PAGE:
Credit Cards Are Not Local

My third place is a small, old fashioned coffee shop in one of my favorite old buildings. It has tin ceilings, wide plank pine floors, and good broad band connectivity.

It is the essence of local community and welcomes customers of wealth, others not so wealthy, students, professors, and some folks variously challenged. It is a meeting place for local runners, Sunday morning newspaper readers, and women from the nearby all women’s gym.

The owner is a local man and his employees are mostly young folks at the “deciding” point in their lives and careers. They are deciding things like how to survive, where to live, what to do, and am I really in love with that person.

My town, they call it a city but that seems to me to be a  bit of a stretch, is a college town. Many of the students come into the coffee shop. Lately, I have been noticing how many of them pay with credit or debit cards. While I cite the students, they are not exclusively the culprits.

The owner of the coffee shop, our merchant, must pay interchange fees on each of these transactions. In addition, there may be a commission due the credit card issuer of one to three percent. A merchant may choose to factor these fees into their costs and then price it into the product cost. This has the obvious effect of costing either the merchant or the customers money, which goes to the credit card company, which is, guess what, NOT a local company.

There are a number of parties in these transactions and only two are likely to be local. I suspect “my” coffee shop owner banks locally so he and his bank are local businesses. The customer may be local but their issuing bank sure isn’t. It is most likely a TBTF (to big to fail) institution and with consolidation there are fewer and fewer of these. In addition, there are: the credit card association (Master Card, Visa), the transaction network (they keep the records straight), possibly an affinity partner (a Sierra Club card), and a reseller (the organization who sells the service to the merchant).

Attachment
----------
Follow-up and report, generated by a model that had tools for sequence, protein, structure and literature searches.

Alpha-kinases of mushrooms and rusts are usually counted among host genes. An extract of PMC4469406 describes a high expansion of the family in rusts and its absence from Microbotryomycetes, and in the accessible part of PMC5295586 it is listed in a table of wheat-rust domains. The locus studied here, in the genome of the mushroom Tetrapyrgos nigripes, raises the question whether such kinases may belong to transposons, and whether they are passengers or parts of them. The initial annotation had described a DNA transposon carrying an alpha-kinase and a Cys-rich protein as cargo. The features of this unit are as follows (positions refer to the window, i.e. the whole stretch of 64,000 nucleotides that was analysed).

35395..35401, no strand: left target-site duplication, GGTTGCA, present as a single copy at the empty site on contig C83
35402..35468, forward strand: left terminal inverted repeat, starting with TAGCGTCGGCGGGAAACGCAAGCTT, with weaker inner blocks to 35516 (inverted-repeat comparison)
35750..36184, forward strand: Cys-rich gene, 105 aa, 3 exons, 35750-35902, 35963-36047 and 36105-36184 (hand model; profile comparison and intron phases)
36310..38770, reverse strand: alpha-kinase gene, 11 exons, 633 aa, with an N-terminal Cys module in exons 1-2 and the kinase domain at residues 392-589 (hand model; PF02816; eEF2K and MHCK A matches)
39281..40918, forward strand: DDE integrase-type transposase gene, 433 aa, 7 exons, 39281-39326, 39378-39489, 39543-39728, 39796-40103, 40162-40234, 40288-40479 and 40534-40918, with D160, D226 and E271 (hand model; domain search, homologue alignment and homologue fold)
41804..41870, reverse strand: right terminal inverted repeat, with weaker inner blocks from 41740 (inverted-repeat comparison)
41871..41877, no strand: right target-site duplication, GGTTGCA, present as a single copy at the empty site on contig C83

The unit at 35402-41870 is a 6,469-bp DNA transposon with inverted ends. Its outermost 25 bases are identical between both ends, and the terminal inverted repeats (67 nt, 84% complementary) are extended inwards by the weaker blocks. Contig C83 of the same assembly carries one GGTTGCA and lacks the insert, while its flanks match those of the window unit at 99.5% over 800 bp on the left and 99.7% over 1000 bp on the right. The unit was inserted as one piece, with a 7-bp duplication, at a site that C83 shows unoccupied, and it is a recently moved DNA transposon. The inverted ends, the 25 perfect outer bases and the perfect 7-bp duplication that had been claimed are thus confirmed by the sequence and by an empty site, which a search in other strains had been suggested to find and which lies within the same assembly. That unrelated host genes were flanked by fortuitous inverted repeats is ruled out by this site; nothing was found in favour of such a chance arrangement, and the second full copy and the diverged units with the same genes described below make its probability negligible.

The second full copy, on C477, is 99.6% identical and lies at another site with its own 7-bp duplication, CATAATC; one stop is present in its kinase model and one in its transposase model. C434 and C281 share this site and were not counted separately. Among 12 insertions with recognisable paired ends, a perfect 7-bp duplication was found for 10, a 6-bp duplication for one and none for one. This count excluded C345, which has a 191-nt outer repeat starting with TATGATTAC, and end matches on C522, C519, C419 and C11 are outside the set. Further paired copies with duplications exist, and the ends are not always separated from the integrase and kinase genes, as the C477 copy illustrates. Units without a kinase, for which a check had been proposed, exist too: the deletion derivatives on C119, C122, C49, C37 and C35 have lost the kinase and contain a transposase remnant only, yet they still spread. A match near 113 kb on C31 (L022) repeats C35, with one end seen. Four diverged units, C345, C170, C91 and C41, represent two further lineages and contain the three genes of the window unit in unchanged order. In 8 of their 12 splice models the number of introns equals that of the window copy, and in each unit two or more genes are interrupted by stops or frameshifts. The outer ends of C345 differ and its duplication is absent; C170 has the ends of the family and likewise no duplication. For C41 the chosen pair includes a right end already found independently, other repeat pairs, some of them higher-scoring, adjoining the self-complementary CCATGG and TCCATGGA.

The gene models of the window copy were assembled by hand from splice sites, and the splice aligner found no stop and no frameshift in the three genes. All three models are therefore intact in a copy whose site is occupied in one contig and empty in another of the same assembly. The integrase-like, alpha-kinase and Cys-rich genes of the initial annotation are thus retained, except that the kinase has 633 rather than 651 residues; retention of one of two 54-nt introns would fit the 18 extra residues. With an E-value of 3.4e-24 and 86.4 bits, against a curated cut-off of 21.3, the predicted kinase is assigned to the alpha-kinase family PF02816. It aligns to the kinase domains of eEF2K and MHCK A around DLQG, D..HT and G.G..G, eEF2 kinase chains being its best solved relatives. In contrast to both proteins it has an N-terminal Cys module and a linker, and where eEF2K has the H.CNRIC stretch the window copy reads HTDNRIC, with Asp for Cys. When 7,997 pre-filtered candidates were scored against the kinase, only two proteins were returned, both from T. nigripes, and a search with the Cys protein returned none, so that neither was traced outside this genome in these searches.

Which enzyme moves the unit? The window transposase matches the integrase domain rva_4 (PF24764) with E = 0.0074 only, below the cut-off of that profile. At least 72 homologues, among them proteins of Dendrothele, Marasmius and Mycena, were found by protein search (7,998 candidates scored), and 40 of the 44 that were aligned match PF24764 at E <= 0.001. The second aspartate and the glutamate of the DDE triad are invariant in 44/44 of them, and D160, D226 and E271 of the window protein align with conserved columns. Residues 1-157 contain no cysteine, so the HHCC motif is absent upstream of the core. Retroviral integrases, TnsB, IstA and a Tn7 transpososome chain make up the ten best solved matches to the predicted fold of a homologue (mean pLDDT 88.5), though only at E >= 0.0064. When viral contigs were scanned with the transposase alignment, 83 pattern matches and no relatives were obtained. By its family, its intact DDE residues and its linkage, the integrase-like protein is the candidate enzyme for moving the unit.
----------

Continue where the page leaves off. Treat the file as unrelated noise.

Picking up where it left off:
That’s a lot of non local mouths to feed…

I used to have credit cards with AT&T, Sunoco, Shell, and Citibank. Now Citibank, the TBTF institution that needed to be bailed out in the recent fiasco, is behind all four of these. In business terms, I was diversifying. In big bank terms they have consolidated for efficiency. In the Oil companies case, they have outsourced. How did I, the customer, benefit from all of this consolidation and outsourcing? I haven’t. I have been hurt by no longer being diversified.

Some recent behaviors of these companies include: influencing the rewriting of the bankruptcy code to benefit them, bumping up on-time paying customer’s rates to rates in excess of 30%, increasing fees for all kinds of “bad” behaviors, and adding new fees wherever they can. They got congress to delay the “consumer protection” legislation so that they could make the changes necessary to avoid large losses.

How an institution that gets loans from the Federal Reserve at near zero interest and then lends it at over 30% can loose money should puzzle all of us. Actually, what they are doing is covering the huge losses they take in their often frivolous investing schemes. Does the term “collateralized debt obligation” ring a bell?

In my mind these “credit” products are no longer viable consumer products. The problem is we are addicted to them. Pay them off. Go to your local credit union for your car loan. Put your money, including your investment wealth, if you have any, in a local institution. Insist that they invest only in local businesses. Use cash or local currency like Berkshire Bucks, if you are lucky enough to live where it exists.

There is a Bank of America branch at the head of the square in my town. I would like to see them close.

This entry was posted in Sustainability. Bookmark the permalink.

Leave a Reply

Your email address will not be published. Required fields are marked *